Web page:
In 1707 Admiral Sir Cloudesley Shovell was returning to England from the Mediterranean with his fleet of 21 ships, when disaster struck. They had miscalculated their position and ran onto the Western Rocks in Scilly on the night of 22nd October. Three ships, Eagle, Romney and Sir Cloudesley’s flagship Association, were lost – with only a single survivor (from the Romney).
The fireship Phoenix struck a rock and was eventually beached at New Grimsby (Tresco), where she remained for three and a half months undergoing repairs. Another fireship — the Firebrand – also struck the rocks but managed to get off again. Leaking badly, she made for the beacon of St Agnes lighthouse, but foundered in Smith Sound close to the island. Of Firebrand’s complement of 50 crew members, 25 — including Captain Percy — managed to reach the safety of St Agnes. About 1400 men perished in this incident, making it one of the worst disasters in British naval history. It was probably these events that led to the Longitude Act of 1714. Sir Cloudesley Shovell’s body was washed up on St Mary’s and was eventually taken to London for burial in Westminster Abbey. There are several local legends relating to the theft of rings and other items from his body.
At the beginning of the 18th century, there was no accurate way of determining a ship’s longitude at sea. On that night in October 1707, Sir Cloudesley had miscalculated his position and ran onto the Western Rocks. The loss of a Rear Admiral of England, along with four warships and at least 1400 men, brought the question of longitude to the forefront of national affairs and precipitated the Longitude Act – and Parliament’s promise of a prize for the solution of the longitude problem. This reward – the Longitude Prize — was eventually won by John Harrison for his invention of the chronometer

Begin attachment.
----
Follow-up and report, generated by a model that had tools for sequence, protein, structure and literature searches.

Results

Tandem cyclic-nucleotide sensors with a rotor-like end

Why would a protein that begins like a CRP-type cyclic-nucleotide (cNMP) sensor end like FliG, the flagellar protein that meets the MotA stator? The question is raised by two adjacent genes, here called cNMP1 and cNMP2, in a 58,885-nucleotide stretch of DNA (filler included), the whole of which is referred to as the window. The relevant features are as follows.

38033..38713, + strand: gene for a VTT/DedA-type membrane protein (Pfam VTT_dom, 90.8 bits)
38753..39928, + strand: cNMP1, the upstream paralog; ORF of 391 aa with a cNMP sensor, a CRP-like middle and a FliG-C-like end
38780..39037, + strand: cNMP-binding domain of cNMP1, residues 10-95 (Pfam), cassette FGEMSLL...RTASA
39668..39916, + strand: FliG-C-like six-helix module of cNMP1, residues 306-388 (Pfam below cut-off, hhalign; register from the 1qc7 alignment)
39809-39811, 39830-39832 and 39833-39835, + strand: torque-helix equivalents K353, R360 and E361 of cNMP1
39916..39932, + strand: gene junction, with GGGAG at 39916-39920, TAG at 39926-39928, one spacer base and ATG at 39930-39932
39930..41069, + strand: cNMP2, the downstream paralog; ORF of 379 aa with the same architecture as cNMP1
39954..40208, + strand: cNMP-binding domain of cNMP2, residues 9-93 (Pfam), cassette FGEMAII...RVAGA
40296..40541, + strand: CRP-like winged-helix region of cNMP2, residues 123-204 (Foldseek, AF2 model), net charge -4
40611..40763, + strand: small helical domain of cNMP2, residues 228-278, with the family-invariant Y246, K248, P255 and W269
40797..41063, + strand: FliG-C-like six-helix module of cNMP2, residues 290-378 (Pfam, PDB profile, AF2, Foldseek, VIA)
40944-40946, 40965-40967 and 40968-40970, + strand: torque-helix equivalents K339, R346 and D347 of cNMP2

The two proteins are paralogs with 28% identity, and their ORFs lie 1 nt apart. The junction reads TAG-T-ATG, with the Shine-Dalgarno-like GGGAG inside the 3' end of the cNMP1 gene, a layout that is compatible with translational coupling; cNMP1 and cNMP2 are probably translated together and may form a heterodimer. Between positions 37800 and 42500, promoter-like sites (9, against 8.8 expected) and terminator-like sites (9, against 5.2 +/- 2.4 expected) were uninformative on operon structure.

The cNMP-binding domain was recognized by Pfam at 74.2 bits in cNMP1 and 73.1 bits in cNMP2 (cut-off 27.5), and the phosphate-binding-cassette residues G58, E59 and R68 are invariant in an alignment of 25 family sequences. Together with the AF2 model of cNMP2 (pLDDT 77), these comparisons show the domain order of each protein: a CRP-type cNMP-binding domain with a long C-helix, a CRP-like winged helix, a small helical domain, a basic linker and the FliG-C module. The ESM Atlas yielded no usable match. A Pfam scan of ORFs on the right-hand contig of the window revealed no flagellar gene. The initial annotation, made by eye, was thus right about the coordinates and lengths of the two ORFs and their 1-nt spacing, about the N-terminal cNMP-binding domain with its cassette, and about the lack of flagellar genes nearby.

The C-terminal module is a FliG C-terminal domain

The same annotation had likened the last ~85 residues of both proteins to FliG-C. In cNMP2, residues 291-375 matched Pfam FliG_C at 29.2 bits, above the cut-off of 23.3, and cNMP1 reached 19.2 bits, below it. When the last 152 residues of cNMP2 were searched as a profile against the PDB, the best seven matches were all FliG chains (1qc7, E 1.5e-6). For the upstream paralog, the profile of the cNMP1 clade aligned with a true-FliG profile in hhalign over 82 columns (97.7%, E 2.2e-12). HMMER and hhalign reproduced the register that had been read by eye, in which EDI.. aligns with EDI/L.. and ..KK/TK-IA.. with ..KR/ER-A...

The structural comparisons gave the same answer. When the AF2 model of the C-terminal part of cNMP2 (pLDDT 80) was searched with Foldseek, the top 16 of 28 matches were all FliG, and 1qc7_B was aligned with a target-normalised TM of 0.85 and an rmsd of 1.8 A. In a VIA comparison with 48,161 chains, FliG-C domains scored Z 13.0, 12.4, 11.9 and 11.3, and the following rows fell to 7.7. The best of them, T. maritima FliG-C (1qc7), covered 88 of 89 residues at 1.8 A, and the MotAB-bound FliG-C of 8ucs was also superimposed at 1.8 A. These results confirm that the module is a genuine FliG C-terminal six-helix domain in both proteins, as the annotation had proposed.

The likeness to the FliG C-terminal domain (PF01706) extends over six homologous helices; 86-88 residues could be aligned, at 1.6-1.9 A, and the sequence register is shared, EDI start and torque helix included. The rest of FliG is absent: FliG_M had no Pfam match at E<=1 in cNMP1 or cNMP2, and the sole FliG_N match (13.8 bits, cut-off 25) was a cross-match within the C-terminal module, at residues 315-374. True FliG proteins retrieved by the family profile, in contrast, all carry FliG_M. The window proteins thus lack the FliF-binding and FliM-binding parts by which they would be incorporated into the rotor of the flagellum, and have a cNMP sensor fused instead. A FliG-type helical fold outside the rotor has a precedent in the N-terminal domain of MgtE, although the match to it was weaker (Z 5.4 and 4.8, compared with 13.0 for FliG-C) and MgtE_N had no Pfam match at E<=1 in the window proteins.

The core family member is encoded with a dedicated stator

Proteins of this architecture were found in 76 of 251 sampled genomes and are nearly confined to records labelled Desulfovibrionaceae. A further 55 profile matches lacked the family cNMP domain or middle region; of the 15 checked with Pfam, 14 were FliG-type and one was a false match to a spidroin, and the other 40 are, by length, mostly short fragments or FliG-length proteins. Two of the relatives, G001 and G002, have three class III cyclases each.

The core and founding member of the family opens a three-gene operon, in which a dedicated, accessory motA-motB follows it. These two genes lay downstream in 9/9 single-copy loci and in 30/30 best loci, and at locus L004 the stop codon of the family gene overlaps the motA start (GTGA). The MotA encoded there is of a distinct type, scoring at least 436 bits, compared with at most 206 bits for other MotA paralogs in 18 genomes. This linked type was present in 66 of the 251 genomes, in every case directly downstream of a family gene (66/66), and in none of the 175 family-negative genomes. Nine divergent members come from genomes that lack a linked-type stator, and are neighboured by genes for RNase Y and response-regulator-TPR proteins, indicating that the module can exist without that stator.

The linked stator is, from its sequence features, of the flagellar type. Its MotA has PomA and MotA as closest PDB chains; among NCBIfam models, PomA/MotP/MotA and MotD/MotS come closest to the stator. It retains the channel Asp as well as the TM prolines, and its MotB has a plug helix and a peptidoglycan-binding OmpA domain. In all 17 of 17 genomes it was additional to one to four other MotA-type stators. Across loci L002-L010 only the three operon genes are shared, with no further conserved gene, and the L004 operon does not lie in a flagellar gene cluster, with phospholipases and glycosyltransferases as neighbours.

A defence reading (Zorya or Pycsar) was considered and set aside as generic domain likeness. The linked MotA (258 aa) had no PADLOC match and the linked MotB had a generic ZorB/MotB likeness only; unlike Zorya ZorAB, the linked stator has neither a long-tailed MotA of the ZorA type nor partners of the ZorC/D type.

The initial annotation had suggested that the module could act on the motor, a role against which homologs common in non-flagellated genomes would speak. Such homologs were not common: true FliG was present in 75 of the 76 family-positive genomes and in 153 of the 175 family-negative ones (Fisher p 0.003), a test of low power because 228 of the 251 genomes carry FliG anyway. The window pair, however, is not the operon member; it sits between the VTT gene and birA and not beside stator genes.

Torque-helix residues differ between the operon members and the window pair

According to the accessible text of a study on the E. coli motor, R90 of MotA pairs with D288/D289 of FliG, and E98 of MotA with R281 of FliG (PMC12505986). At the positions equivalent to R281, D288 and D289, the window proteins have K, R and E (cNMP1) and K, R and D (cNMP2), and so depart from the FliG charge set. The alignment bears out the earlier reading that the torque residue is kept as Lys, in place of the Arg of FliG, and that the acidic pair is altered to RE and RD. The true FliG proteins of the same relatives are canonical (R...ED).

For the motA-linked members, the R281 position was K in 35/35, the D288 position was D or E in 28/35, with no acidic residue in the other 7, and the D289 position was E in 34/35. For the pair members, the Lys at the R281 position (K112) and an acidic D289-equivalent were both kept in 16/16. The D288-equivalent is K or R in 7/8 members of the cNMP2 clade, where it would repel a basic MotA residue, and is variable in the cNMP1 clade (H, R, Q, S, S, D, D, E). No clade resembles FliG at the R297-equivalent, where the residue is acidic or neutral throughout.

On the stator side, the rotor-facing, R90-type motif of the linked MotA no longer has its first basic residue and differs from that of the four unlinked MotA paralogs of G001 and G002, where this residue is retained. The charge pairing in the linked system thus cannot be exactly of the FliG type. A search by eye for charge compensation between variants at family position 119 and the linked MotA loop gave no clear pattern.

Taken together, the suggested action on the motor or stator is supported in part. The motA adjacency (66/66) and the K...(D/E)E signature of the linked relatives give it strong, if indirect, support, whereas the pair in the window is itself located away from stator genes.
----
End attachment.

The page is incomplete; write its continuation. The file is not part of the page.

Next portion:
The Association was Sir Cloudesley Shovell’s flagship. It was a 90-gun second-rate English warship of 165 feet (50m) length, built at Portsmouth in 1697. The Association had a crew of about 680 under her captain, Edward Loades.
The remains of the Association were discovered near the Gilstone Ledge by the Naval Air Command – Sub Aqua Club (NAC – SAC) in July 1967. Subsequently, a number of other groups worked on the site including a team led by Roland Morris and Blue Seas Divers. From about 1971 the site was buoyed and worked by Terry Hiron and Jim Heslin. A detailed plan of the site has been produced by Terry Hiron.
Many objects were raised from the site, including three bronze cannon, anchors, swivel guns, dividers, buckles, buttons, spoons, forks, rings, pocket watches, combs and large quantities of gold and silver coin.
Description of the site
Situated around the Gilstone Ledges in the Western Rocks, the site varies in depth between 5 and 40m and is located in deep rock gullies with large boulders.
There are over 60 iron guns, anchors and a number of iron concretions including iron shot. Some guns and at least one anchor have been removed from the site.
Access to the site
Public access to the site is achieved by licence under the Protection of Wrecks Act. This licensing is currently administered by Historic England. The three dive charter boats operating in Scilly have annual licences to visit the protected wreck sites.
Most of the artefacts and coinage were sold at a series of public auctions; one bronze cannon can be seen on Tresco in the Valhalla Collection, while another is on display at the Royal Armouries in Leeds. There are also a few items in the Isles of Scilly Museum on St Mary’s.
Historic England list entry
If you would like to find out more, view the Historic England list entry for Association.